Early in 2016, a news story about dirty water in Flint, Michigan hit headlines. It wasn’t just the toxic drinking water that disturbed the public, it was the fact that drinking water with dangerously high levels of lead could be found in the United States. This was a shock, but what the establishment press under-reported was that the situation in Flint was no isolated incident. Although local newspapers and news websites ran stories informing their audiences about local water contamination levels, it wasn’t until M.B. Pell and Joshua Schneyer of Reuters published their special report, “Off the Charts,” in December 2016, that the full scope of the country’s lead-contaminated water crisis came to light. Lead poisoning can slow developmental growth, cause abdominal pain, vomiting, seizures, coma, and even death.
Pell and Schneyer found communities affected by lead poisoning that “stretch[ed] from Warren, Pennsylvania, where 36 percent of children tested had high lead levels, to Goat Island, Texas, where a quarter of tests showed poisoning. In some pockets of Baltimore, Cleveland and Philadelphia, where lead poisoning has spanned generations, the rate of elevated tests over the last decade was 40 to 50 percent.”
Although lead poisoning is harmful to all humans, children—whose bodies are still developing—are most negatively impacted. A pediatrician treating children affected by lead poisoning in Flint, Dr. Mona Hanna-Attisha, described “tons of evidence” showing the impacts of lead on children, including lowered IQ scores, behavioral impacts, and even links to criminality. “If you were to put something in a population to keep them down for generation and generations to come, it would be lead,” Hanna-Attisha observed.
Most lead poisoning is a consequence of “legacy lead,” or lead that comes from crumbling infrastructure, peeling paint, and other industrial waste from the past. Low-income communities are typically the hardest hit. There are about 75 million homes across the country built before 1980, meaning they’re most likely to contain some lead plumbing. That’s more than half of the country’s housing units, according to the Census Bureau. It seems like an easy fix to recommend replacing aging, lead pipes, but for the lower-income communities that are most impacted, this process will take years of work and significant allocation of public money.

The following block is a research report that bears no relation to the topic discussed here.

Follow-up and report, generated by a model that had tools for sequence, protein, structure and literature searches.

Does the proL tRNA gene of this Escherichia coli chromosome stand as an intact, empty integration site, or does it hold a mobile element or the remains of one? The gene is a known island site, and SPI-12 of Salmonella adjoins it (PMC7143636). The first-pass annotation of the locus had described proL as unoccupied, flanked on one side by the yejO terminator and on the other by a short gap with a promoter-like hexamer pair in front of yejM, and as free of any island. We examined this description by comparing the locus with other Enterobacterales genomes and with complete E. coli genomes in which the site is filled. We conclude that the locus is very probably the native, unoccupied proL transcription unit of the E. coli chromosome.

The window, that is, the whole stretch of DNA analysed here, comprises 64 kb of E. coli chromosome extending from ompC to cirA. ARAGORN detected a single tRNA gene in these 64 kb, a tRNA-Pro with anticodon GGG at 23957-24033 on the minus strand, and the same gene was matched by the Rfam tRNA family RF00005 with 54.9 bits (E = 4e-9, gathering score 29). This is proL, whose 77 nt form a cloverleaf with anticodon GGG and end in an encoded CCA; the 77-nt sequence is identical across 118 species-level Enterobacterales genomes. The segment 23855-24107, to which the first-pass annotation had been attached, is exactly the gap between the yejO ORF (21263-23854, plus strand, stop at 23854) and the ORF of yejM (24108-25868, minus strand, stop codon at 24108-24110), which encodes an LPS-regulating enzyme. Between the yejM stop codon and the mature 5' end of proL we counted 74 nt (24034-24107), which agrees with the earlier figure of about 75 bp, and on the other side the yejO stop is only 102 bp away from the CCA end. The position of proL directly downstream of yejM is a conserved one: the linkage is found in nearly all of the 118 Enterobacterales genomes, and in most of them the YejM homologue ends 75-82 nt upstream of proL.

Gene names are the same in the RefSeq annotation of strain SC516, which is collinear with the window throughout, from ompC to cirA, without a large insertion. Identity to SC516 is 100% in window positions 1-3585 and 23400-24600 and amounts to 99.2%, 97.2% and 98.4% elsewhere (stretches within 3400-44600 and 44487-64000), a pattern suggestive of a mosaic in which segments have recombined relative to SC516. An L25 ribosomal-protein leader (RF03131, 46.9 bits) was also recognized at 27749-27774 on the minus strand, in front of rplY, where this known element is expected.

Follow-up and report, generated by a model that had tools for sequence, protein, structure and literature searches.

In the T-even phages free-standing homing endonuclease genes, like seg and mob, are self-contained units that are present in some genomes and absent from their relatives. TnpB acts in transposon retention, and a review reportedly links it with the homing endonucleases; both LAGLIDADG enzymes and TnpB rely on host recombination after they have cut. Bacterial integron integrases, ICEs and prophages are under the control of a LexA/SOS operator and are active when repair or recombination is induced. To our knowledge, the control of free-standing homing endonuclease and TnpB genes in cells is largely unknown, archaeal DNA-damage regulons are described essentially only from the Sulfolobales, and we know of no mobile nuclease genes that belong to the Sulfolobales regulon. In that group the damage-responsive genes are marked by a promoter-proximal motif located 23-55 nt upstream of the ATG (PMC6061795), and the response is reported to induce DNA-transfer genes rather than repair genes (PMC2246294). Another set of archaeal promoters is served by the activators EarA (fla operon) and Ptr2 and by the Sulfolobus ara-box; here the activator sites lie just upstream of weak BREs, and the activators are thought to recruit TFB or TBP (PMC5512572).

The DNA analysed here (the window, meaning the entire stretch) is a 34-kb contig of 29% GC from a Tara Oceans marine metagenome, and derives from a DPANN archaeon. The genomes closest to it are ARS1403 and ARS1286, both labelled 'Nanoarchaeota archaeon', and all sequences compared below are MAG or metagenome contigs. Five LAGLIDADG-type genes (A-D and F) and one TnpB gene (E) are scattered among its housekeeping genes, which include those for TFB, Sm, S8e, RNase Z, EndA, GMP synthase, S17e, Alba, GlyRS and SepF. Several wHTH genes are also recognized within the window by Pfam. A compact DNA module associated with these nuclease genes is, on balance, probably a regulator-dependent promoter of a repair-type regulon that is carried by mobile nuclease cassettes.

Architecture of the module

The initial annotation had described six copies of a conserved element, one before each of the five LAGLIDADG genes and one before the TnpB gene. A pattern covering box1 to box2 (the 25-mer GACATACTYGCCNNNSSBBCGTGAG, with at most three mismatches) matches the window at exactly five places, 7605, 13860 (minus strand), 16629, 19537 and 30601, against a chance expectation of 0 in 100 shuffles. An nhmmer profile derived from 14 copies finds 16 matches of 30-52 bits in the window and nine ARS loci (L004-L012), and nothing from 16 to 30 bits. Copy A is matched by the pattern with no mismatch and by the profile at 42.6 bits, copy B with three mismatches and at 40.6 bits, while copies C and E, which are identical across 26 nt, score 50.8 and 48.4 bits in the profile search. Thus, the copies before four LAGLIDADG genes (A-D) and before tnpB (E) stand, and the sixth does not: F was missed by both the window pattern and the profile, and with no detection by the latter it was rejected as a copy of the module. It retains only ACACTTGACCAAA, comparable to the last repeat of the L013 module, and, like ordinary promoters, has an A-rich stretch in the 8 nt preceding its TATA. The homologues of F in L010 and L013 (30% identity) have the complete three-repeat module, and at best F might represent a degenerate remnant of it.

In the meantime, another issue is getting help for those who have tested for high levels of lead. The costs of running tests and treatment is also expensive. “Even in some of the highest risk areas around the country, many small children go untested for lead,” Schneyer and Pell reported in June, 2016. Just 11 states and the District of Columbia mandate blood lead testing for all children; several others mandate testing for children with exposure risks. Nevertheless, in some of the highest risk areas, children go untested.
The Centers for Disease Control and Prevention (CDC) estimate that approximately half a million U.S. children ages 1-5 have blood lead levels above the reference level at which it recommends public health actions be initiated.
M. B. Pell and Joshua Schneyer, “Off the Charts: Reuters Finds Lead Levels Higher Than Flint’s in Thousands of Locales,” Reuters, December 19, 2016, http://www.reuters.com/investigates/special-report/usa-lead-testing/.
Joshua Schneyer and M.B. Pell, “Unsafe at Any Level: Millions of American Children Missing Early Lead Tests, Reuters Finds,” Reuters, June 9, 2016, http://www.reuters.com/investigates/special-report/lead-poisoning-testing-gaps/.
Student Researcher: Allison Kopicki (North Central College)
Faculty Evaluator: Steve Macek (North Central College)